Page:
GOP Candidates for Nebraska Gov. debate at UNO


May 2nd, 2014

Omaha, NE – The six men vying for a spot in November’s general election, to replace Dave Heineman as Nebraska Governor, mostly evaded specific questions asked by moderator Mike’l Severe. The debate was co-sponsored by the Omaha World Herald and UNO Television.


But there were times of precision from the candidates. For instance, Nebraska State Auditor Mike Foley referenced his experience as auditor and his ability to stand up to dishonesty, even to members of his own team.

“I’ve demonstrated courage and conviction and stood up for the tax payers of this state and exposing waste and corruption in state government even when it has meant standing up against members of my own party,” Foley said. “Republican candidates often speak about their pro-life convictions and the need to eliminate waste in government services, well I walk the talk.”

Nebraska Attorney General Jon Bruning and State Sen. Beau McCoy before Thursday night's debate (Photo Courtesy Brandon McDermott)

Nebraska Attorney General Jon Bruning and State Sen. Beau McCoy before Thursday night’s debate (Photo Courtesy Brandon McDermott)

Tax attorney Bryan Slone expressed his experience in business at Deloitte Tax LLP in Omaha as proof of his experience to lead. Slone was the only candidate to say he would keep the possibility of a sales tax increase on the table as the governor to ‘get the job done’.

“There are lots of things that we are afraid of talking about politically in this state that we’ve got to deal with,” Slone said. “We are a high taxed state but we cannot solve that until we deal with ‘sacred cows.’ We’ve got to cut spending, we’ve got to be able to reform education and we’ve got to be able to talk about moving the tax base from property to sales tax to some extent in a revenue neutral fashion to solve the property tax problem.”

Tom Carlson brought up his eight years in the Nebraska Unicameral, as unifier and as someone who gets to the bottom of the toughest questions. Carlson said rural Nebraska is often forgotten about when decisions are made that affect the entire state.

“I’m the only Republican candidate who lives in rural Nebraska,” Sen. Carlson said. “I know the importance of agriculture and livestock production to our state. I know the importance of water sustainability so that the entire state can move forward. I know that puts us, as a state, in the best financial position of any state in the United States.”

State Sen. Beau McCoy steered the conversation to the fact that, if elected, he may be the only Nebraska Governor to have a community college degree. He also said he knows what it is like to raise kids and save money.

“We’re like any other family in Nebraska,” McCoy said. “We know what it means to go to the grocery store and see grocery prices going up or going to the gas station and realize the price of gas is going up. It is a struggle for families and small businesses across Nebraska and I’ve been a part of that. I know what it means to work very, very hard and I’m just a guy that is trying to make a difference.”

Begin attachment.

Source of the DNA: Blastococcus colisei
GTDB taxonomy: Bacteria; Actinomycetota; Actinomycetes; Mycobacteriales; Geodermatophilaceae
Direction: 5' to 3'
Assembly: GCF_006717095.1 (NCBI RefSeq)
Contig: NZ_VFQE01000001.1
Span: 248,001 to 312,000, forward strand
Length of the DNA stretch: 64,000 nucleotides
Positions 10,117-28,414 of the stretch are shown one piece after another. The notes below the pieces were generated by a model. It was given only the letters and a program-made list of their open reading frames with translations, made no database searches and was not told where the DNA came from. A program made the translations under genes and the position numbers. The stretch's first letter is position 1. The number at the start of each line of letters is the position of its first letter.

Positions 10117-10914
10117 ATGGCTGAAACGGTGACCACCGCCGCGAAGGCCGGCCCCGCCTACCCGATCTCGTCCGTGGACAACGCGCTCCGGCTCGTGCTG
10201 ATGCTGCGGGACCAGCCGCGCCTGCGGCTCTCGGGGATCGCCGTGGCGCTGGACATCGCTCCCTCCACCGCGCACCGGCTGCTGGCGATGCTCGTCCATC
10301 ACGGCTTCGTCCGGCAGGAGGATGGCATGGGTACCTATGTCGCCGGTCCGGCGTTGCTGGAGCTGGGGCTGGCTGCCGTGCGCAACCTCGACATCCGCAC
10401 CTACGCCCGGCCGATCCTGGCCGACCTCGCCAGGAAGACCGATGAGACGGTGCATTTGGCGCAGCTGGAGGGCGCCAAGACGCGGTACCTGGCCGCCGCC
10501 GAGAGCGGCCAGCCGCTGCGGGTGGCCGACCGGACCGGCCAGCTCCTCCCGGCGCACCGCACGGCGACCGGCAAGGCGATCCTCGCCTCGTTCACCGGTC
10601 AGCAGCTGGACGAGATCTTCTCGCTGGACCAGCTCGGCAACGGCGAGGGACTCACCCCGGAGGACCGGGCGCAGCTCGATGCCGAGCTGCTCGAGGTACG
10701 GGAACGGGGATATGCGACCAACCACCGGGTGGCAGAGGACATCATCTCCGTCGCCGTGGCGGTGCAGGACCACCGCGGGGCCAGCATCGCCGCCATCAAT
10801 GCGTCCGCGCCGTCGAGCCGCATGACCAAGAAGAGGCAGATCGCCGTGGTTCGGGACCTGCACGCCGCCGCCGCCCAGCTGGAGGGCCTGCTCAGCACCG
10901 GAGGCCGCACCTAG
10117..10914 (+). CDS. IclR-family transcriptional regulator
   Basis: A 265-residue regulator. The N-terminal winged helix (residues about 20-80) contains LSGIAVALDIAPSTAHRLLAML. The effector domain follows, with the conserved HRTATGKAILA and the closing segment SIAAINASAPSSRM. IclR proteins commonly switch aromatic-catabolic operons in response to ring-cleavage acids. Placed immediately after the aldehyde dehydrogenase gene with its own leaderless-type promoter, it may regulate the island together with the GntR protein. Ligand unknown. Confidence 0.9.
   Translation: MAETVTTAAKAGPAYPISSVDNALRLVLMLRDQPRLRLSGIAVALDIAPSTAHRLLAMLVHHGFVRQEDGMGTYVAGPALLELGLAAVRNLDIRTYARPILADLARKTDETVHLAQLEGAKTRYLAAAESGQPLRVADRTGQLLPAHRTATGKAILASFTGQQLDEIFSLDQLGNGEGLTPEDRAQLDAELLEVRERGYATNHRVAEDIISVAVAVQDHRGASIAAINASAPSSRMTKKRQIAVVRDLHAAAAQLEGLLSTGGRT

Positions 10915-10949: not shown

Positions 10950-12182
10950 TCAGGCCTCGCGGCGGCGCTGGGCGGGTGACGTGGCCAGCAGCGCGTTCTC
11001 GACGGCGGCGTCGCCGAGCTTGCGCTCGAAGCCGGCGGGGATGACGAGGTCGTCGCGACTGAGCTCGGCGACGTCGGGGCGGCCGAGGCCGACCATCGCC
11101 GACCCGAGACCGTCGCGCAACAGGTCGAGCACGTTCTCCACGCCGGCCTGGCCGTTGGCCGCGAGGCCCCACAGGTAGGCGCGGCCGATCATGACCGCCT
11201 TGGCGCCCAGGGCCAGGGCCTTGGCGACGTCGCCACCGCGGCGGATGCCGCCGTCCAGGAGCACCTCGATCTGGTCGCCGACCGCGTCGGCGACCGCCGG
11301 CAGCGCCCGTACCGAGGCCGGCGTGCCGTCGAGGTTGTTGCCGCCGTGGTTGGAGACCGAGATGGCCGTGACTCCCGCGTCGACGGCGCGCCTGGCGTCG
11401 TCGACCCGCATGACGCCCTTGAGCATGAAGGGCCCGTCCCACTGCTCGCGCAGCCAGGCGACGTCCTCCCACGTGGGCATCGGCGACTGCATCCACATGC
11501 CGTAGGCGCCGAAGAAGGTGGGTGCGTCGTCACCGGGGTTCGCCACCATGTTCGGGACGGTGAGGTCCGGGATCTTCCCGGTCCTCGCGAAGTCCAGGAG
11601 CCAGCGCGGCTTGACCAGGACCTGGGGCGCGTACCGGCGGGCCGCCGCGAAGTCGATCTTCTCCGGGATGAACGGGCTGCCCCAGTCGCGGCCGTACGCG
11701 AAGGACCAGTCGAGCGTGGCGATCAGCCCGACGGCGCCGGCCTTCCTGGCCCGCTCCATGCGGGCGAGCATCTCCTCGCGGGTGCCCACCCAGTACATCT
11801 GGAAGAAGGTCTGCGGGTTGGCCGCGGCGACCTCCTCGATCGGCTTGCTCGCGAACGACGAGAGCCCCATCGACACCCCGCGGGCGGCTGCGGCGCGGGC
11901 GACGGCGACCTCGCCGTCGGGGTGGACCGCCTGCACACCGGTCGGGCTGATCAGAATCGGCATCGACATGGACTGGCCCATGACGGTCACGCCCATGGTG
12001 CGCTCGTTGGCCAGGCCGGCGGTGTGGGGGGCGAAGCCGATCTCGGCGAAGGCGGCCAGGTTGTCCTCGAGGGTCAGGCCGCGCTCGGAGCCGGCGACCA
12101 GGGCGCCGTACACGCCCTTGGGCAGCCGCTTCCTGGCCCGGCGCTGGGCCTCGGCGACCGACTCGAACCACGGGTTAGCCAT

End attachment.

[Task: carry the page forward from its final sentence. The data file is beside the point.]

Pete Ricketts, former CEO of TD Ameritrade, brought up his time in business and his experience working with people as a key reason he would do well as governor. He also said his lack of experience in politics is to his benefit as he is a ‘fresh start’ instead of the same old, same old.

“As I’ve traveled 31,000 miles across this state, people have asked me ‘Pete, why do you want to be Governor?’ And the answer at the end of the day is, because I want to help grow Nebraska,” Ricketts said. “Governor Heineman has done a great job on keeping a lid of taxes and spending. Now it’s time to take it to the next level. To do that we need to improve education outcomes for all our kids, grow the economy, especially in agriculture and manufacturing and create more and better paying job here in the state.”

Jon Bruning, Nebraska’s attorney general for 12 years, said he is ready to lead on day one. He also said there are big differences between him and the other candidates.

“I think there is one thing when you look at this race that differentiates me from these men and that one thing is experience,” Bruning said. “Everybody else talks about the issues, I’ve led on the issues. So I am tested and I am ready to lead on day one. We need a governor that is ready to fight the federal government; I know how to do that.”

Nebraska’s statewide primary election day is set for May 13th, with polls opening at 8 a.m. The winner of the Republican primary will face off against Democratic challenger Chuck Hassebrook, in November’s general election.

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